Is Marinating in the Tub With a Bath Bomb Safe for Your Skin?

Weighing the delight (or havoc) for your skin

Woman holding a bath bomb

Bath bombs — those fizzy, scented “party in a bath” additives — are a huge hit, especially with kids. You can buy them everywhere, from dollar stores to high-end department stores. And kids are scouring YouTube for videos on how to make bath bombs. (Because DIY slime is sooo last month.)

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Bath bombs may be fun for kids and adults alike. But is soaking in a tub that’s been “bombed” safe for your skin?

What’s in a bath bomb?

According to dermatologist Alok Vij, MD, bath bombs are made using a combination of baking soda and citric acid. When mixed with water, those ingredients generally neutralize each other. But bath bombs may contain other substances that can potentially harm your skin, including:

  • Fragrances, either synthetic or from essential oils that give you that I’m-in-Fiji feel.
  • Dyes, whether natural or lab-made, that turn your bath (and tub) another shade.
  • Preservatives, to keep the bombs shelf-stable for longer (hardly necessary when they’re flying off the shelves).
  • Additives like glitter, which may glam your bath, but could be abrasive to the skin.

There aren’t any bath bombs that are totally safe, particularly for people with sensitive skin. Sadly, the size of the bath bomb doesn’t really matter — smaller bombs can have concentrated amounts of potential allergens.

Signs your bath bomb has waged war on your skin

Not all skin is created equal. For some people, a bath bomb is a sensual delight. For others, it’s a recipe for discomfort. The most common signs that your bath bomb is wreaking havoc on your skin include:

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  • Redness.
  • Itching.
  • Scaling.

These telltale signs often first show up in skin creases (think behind the knees, or in the groin area) where the harmful substances linger because of the skin-on-skin contact. But for people with known skin sensitivity, these signs may declare themselves on any part of the skin that was submerged in bath water.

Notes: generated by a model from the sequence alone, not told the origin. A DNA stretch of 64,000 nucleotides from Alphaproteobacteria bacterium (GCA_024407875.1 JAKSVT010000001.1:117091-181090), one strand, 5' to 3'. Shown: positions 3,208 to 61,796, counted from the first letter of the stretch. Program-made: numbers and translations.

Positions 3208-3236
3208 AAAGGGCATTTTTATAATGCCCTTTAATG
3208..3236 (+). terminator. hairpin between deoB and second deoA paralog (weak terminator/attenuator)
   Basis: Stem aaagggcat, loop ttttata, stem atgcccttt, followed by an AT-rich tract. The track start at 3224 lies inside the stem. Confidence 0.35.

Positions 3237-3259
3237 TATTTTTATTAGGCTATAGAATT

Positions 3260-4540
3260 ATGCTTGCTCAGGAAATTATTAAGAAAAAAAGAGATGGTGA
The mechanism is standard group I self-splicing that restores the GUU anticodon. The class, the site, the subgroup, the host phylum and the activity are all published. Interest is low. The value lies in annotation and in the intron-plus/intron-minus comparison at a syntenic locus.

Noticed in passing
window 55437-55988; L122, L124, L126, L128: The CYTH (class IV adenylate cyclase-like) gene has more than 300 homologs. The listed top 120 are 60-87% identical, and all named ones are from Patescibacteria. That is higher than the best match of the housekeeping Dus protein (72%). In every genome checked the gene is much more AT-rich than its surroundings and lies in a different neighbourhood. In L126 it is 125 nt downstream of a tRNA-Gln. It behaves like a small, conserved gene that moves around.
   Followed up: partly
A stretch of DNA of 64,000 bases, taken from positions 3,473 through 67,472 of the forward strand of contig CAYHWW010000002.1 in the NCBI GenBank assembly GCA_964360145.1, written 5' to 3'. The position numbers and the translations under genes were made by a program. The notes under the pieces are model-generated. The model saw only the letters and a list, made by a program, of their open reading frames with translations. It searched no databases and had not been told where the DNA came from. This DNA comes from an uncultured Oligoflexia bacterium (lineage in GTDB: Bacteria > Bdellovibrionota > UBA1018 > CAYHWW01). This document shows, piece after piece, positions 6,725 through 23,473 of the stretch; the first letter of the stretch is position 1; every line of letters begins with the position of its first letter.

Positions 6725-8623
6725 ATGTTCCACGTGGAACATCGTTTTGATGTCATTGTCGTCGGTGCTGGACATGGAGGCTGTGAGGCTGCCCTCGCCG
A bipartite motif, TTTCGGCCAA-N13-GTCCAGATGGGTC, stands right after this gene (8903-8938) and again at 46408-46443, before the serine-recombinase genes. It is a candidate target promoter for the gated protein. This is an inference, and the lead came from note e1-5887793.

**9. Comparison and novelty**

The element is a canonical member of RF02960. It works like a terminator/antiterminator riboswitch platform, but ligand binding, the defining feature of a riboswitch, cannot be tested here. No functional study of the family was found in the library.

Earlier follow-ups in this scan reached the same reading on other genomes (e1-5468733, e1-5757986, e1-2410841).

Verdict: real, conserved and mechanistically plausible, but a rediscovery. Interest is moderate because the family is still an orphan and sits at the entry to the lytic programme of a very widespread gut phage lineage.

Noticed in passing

“Don’t be fooled by ‘natural ingredients.’ They can also play mischief with your skin,” says Dr. Vij. “For example, common bath bomb ingredients include witch hazel, an astringent that can cause dryness, or cocoa butter, which can fuel the growth of yeast.”

Sometimes, bath additives such as bath bombs and even bubble bath can affect the body’s pH balance. For women and girls, changing the pH of the vagina and surrounding areas can alter bacterial flora and possibly lead to irritation or, worse, a yeast infection. (A not-fun price to pay for a few minutes of fizzy bath glory.)

Let your skin be the guide on how to safely use a bath bomb

Dr. Vij suggests those who are allergic to ingredients in bath bombs avoid them altogether. “However, if people don’t have a history of atopic dermatitis (commonly called eczema) or a known history of sensitivity to fragrances or dyes — the occasional bath bomb is fine. But I recommend staying in the water just until fingers and toes start to prune up,” says Dr. Vij. “That’s different for everyone, but usually 10 to 15 minutes is enough time.”

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And rinse off after the bath to remove the residual chemical layer.

“The longer you’re exposed to chemicals and known allergens, the more likely you are to develop an allergy,” says Dr. Vij. “My daughters love bath bombs, but I remind them to take a nice rinse to clean off their skin and keep it healthy after they’ve soaked.”

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